What's being described by Space.com as the world's first "flying satellite gas station" is expected to launch in 2015. The Space Infrastructure Servicing vehicle, as Canada's MDA Corporation calls it, will zip around and refuel satellites to extend their lives, perform repairs, and use robotic arms to nudge inactive craft into the "graveyard orbit," where they won't pose a risk to working satellites. That should help cut down on space junk. (Click to read another idea on that.)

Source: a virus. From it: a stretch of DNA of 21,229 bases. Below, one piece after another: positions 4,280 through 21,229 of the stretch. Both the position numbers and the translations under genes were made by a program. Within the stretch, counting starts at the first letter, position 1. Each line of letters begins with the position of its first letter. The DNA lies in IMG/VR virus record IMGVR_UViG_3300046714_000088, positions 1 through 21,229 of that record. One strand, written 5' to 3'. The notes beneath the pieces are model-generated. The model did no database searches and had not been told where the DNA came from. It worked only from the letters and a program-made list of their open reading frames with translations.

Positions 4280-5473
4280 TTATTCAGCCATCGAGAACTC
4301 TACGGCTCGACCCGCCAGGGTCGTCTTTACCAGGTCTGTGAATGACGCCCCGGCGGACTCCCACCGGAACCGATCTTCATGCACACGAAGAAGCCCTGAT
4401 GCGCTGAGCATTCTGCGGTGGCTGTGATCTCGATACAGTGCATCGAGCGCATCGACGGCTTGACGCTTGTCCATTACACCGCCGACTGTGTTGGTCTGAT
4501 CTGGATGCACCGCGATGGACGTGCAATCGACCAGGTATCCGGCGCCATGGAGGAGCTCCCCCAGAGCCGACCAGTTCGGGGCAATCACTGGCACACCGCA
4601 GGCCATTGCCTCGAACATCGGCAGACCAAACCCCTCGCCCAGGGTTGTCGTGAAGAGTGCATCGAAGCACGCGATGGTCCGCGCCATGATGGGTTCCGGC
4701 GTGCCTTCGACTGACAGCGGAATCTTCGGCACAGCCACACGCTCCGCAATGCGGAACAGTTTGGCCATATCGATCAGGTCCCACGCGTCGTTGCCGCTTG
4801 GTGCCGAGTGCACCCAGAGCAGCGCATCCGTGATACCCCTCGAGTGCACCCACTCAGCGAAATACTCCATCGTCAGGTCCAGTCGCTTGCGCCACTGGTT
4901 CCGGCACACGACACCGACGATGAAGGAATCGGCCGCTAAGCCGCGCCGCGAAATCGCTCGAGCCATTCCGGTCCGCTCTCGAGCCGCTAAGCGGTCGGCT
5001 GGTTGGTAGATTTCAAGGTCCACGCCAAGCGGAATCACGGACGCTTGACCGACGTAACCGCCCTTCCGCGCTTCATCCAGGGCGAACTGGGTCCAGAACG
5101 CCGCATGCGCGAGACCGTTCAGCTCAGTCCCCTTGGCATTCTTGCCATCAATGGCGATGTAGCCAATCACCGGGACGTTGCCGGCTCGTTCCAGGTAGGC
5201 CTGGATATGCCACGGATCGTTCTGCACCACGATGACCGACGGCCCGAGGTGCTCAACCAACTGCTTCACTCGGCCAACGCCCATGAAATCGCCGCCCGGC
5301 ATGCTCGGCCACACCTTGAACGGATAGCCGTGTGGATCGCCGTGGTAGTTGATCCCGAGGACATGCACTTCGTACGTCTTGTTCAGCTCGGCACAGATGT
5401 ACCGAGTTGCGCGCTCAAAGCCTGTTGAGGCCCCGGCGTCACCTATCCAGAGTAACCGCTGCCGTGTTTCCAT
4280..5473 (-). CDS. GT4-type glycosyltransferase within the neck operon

But it's the potential for refueling that's the biggest factor for Intelsat, a Belgian-American communications satellite firm that signed a $280 million deal to be MDA's first client. It's clearly much cheaper to keep current satellites in orbit by giving them more fuel than to build and launch new ones. "This is a first-time-ever, huge, huge, huge event," said the director of the Space Protection Program, a joint project of the Air Force and National Reconnaissance Office.